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Mutat Res. 1999 Jul 15;443(1-2):129-38.

N-Nitroso compounds in the diet.

Abstract

N-Nitroso compounds were known almost 40 years ago to be present in food treated with sodium nitrite, which made fish meal hepatotoxic to animals through formation of nitrosodimethylamine (NDMA). Since that time, N-nitroso compounds have been shown in animal experiments to be the most broadly acting and the most potent group of carcinogens. The key role of nitrite and nitrogen oxides in forming N-nitroso compounds by interaction with secondary and tertiary amino compounds has led to the examination worldwide of foods for the presence of N-nitroso compounds, which have been found almost exclusively in those foods containing nitrite or which have become exposed to nitrogen oxides. Among these are cured meats, especially bacon-and especially when cooked; concentrations of 100 micrograms kg(-1) have been found or, more usually, near 10 micrograms kg(-1). This would correspond to consumption of 1 microgram of NDMA in a 100-g portion. Much higher concentrations of NDMA (but lower ones of other nitrosamines) have been found in Japanese smoked and cured fish (more than 100 micrograms kg(-1)). Beer is one source of NDMA, in which as much as 70 micrograms l(-1) has been reported in some types of German beer, although usual levels are much lower (10 or 5 micrograms l(-1)); this could mean a considerable intake for a heavy beer drinker of several liters per day. Levels of nitrosamines have been declining during the past three decades, concurrent with a lowering of the nitrite used in food and greater control of exposure of malt to nitrogen oxides in beer making. There have been declines of N-nitroso compound concentrations in many foods during the past two decades. The small amounts of nitrosamines in food are nonetheless significant because of the possibility-even likelihood-that humans are more sensitive to these carcinogens than are laboratory rodents. Although it is probable that alkylnitrosamides (which induce brain tumors in rodents) are present in cured meats and other potentially nitrosated products in spite of much searching, there has been only limited indirect evidence of their presence.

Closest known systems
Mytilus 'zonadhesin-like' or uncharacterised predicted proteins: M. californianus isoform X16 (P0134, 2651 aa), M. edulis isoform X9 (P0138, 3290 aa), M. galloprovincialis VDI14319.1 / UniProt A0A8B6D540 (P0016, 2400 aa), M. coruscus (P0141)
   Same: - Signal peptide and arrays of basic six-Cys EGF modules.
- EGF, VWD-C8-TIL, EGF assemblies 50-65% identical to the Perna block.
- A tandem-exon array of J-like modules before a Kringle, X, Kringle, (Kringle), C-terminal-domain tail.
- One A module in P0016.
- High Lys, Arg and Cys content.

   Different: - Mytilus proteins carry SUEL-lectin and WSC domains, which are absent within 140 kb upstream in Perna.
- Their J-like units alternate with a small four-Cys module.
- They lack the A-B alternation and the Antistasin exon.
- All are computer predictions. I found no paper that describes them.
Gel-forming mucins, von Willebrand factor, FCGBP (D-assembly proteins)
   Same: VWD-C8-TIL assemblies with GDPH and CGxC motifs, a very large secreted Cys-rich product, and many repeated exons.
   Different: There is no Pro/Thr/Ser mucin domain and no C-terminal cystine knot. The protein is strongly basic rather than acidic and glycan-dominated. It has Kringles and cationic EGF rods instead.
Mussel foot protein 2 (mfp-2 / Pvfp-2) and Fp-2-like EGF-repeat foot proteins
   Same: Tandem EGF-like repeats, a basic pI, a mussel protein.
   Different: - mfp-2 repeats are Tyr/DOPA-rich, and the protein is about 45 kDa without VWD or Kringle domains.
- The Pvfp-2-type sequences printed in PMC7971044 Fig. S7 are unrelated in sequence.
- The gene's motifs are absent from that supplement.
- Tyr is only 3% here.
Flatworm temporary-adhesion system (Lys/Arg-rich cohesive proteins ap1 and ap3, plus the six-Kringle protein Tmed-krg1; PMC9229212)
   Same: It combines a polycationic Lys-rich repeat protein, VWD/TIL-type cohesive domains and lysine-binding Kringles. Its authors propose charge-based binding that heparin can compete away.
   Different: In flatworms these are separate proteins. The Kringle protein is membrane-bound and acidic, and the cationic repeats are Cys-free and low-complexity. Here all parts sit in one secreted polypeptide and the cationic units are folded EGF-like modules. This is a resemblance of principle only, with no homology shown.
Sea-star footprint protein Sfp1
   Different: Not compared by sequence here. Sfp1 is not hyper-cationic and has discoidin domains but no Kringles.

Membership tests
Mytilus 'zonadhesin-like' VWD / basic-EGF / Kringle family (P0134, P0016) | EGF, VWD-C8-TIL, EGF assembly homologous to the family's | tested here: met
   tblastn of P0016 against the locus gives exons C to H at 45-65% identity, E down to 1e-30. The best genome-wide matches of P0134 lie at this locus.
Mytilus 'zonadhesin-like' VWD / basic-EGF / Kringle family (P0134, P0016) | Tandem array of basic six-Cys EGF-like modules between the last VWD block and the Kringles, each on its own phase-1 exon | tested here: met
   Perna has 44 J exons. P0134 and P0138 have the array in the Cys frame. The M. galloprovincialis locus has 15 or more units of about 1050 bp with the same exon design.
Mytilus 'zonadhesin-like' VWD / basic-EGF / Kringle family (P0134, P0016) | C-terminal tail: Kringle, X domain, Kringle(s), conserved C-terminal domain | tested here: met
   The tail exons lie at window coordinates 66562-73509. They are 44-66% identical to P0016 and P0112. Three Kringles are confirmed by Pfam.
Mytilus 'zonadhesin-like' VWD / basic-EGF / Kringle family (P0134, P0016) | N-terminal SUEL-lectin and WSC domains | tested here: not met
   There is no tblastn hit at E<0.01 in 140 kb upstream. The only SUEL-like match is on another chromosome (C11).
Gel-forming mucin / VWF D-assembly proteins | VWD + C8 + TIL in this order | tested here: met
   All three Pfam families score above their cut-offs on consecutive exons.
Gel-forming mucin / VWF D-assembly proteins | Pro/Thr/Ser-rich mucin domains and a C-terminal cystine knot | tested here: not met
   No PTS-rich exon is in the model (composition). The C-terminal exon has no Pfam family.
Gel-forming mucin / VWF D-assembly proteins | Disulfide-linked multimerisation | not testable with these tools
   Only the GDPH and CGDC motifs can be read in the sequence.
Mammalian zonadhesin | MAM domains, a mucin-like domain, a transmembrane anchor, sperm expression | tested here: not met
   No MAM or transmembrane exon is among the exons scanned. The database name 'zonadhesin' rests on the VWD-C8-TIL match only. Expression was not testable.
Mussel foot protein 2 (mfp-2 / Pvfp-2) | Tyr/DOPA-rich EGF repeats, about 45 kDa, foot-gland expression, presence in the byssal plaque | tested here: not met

Copyright 1999 Elsevier Science B.V.

PMID:
10415436
[PubMed - indexed for MEDLINE]
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